Sorting through years of accumulated clothes, tools and kitchenware can be draining. And then there are the boxes of photos and mementos from childrenâ€™s school days. Suddenly, it all becomes real â€“ and overwhelming. How do you decide what to keep and what to toss?
According to the National Association of Productivity and Organizing Professionals, Americans donâ€™t use 80 percent of the things they keep.
Here are some tips — compiled by ForRent, an online finder and advisor for rental housing â€“ on downsizing to a smaller home:
- Donâ€™t do It alone. Get the kids involved. After all, half the junk is probably theirs. Downsizing is an emotional task, anyway, so why not have some fun? Share some memories and laughs. Keep a few things and then let (or make) them take the rest home.
- Give stuff away. Not everything, but things you donâ€™t use that might be meaningful, valuable or useful for someone else. Anything from the lawnmower to your motherâ€™s diamond ring. Why wait when you could see someone using and enjoying it while youâ€™re still here?
- Tackle one space at a time. Itâ€™s easy to become distracted when sorting and tossing. However, staying in one room, one area, or even one closet or drawer will help you focus â€“ and give you immense and immediate satisfaction when that task is done
- Do some of) It Yourself
- Set a timer. Whether itâ€™s real or imaginary, a timer will get you going and give you a time to stop. Then you can choose to continue, take a short break, or quit for the day. Start with two-hour blocks of time.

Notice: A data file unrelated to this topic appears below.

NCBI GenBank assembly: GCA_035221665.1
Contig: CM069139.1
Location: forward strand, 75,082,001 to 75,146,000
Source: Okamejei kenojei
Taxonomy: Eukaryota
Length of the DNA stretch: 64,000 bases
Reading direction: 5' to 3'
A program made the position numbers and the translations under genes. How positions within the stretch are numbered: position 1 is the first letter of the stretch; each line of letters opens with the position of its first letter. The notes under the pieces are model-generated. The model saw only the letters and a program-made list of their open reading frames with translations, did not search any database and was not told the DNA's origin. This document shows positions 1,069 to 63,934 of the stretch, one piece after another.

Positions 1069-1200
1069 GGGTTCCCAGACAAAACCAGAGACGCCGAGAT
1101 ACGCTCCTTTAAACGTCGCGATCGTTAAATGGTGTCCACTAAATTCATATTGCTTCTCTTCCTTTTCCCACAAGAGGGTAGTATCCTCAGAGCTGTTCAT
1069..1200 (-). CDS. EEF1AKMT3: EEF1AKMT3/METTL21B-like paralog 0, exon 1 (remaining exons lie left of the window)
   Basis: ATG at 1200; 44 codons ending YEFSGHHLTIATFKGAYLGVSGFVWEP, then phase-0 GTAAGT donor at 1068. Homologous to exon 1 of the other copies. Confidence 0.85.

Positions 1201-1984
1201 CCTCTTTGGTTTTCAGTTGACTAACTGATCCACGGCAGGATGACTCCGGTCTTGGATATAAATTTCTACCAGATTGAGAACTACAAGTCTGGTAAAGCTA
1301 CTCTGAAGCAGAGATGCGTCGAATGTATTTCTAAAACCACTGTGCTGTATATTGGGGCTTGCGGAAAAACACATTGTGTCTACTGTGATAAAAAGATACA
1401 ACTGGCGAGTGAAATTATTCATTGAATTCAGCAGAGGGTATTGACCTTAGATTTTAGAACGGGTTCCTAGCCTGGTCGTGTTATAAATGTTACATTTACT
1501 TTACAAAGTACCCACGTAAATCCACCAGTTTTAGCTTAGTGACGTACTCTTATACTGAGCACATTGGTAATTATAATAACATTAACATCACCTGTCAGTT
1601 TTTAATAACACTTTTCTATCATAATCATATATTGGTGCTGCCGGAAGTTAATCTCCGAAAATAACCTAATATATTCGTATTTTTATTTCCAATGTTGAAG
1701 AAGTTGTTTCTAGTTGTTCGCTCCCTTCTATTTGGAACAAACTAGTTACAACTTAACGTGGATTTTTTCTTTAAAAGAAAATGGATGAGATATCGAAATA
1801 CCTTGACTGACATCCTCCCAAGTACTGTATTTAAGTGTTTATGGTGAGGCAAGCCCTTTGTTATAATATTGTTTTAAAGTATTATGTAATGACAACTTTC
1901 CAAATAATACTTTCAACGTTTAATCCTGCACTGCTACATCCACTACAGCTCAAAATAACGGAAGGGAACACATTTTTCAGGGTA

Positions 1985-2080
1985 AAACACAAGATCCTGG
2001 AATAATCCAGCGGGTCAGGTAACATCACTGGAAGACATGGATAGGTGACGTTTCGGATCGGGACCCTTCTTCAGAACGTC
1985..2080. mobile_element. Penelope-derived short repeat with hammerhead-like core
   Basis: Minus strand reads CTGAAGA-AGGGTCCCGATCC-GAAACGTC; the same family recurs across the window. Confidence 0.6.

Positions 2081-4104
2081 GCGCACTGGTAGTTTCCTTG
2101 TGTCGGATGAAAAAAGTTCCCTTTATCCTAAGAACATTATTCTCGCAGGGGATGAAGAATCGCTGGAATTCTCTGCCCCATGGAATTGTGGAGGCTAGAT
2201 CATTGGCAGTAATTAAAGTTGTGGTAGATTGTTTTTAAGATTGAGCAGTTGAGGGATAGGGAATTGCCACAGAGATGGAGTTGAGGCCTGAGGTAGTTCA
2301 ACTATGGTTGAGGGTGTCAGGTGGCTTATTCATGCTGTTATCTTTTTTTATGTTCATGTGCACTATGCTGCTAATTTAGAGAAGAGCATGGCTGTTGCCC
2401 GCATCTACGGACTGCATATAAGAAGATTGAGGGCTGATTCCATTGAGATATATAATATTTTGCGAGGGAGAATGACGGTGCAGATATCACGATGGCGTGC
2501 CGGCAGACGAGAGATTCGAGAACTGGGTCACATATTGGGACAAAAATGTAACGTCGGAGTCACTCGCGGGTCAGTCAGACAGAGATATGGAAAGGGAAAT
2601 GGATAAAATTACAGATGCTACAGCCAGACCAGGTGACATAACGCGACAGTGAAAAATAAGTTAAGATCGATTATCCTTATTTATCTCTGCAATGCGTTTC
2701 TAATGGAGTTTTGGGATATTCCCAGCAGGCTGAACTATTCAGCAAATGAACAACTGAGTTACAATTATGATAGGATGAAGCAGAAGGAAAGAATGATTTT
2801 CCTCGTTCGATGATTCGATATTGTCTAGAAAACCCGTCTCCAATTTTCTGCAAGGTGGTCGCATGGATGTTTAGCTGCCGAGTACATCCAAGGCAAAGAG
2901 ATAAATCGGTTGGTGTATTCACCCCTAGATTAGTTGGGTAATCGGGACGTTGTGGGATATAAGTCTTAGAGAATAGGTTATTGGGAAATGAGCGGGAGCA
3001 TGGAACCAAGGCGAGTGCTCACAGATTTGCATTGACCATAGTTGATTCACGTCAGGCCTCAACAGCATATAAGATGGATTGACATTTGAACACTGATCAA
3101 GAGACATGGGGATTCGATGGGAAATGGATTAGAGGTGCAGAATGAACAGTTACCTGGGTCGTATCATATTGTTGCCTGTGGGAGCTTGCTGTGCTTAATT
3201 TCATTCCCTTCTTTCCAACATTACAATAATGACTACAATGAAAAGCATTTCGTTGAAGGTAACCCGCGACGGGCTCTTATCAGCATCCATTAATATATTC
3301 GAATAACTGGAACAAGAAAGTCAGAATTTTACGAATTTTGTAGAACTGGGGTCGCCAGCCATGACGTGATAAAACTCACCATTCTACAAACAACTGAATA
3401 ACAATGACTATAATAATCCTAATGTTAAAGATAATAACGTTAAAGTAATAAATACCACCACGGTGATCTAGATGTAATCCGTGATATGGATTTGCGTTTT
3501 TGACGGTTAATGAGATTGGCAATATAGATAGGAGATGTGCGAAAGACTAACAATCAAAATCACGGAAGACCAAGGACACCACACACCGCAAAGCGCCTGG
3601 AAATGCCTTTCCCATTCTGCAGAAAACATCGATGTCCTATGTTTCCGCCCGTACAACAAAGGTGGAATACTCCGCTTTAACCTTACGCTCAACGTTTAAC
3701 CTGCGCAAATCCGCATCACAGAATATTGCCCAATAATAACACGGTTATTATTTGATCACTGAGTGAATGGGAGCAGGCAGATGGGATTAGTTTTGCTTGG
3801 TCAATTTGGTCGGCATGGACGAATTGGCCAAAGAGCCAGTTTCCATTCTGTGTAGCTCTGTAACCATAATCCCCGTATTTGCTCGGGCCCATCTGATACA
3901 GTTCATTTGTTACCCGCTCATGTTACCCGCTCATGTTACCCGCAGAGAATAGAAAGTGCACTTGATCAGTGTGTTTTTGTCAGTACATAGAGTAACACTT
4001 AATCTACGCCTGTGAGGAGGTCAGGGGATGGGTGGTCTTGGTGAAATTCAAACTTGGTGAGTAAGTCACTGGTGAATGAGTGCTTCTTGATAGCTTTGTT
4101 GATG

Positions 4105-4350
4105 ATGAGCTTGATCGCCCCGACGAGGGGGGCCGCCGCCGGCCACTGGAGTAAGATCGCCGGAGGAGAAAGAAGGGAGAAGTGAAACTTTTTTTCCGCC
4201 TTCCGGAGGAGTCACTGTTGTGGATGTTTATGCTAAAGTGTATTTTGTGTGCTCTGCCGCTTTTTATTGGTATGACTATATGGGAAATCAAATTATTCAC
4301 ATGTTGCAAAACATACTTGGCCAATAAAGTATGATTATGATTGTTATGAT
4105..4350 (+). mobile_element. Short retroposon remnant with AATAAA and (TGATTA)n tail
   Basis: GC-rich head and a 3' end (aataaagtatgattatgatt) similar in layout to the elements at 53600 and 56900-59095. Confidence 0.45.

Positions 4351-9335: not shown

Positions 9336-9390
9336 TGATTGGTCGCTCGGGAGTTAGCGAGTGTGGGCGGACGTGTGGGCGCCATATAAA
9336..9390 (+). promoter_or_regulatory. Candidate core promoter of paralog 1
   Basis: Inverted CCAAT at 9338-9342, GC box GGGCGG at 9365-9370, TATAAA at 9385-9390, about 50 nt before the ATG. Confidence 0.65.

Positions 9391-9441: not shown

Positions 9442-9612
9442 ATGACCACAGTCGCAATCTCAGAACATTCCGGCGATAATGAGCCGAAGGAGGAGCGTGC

- Make three piles. Toss. Keep. Maybe. But beware if the â€œmaybeâ€ pile starts growing the fastest, as it often does. If that happens, itâ€™s time to go cold-turkey and eliminate the maybe pile. Otherwise, youâ€™re just delaying the inevitable.
- Ask yourself how often you use this. And once a year doesnâ€™t count unless itâ€™s a family heirloom or part of a holiday tradition. Think about what items you would actually pay to replace if they were lost or destroyed.
- Disperse and dispose. Thereâ€™s a lot of satisfaction in donating. And you may be surprised at the money you can make selling your castoffs at a garage sale, consignment shop, or on eBay.
- Throw a packing party. Once itâ€™s all sorted, itâ€™s time to take your friends up on their offers to help. Be sure to label the top of the boxes clearly so movers know where to put them in your new place.
- Downsizing is a chore, but when the hard work is done, you have way fewer items and boxes to deal with. That leaves less to move, less time and money to spend, and fewer things to unpack.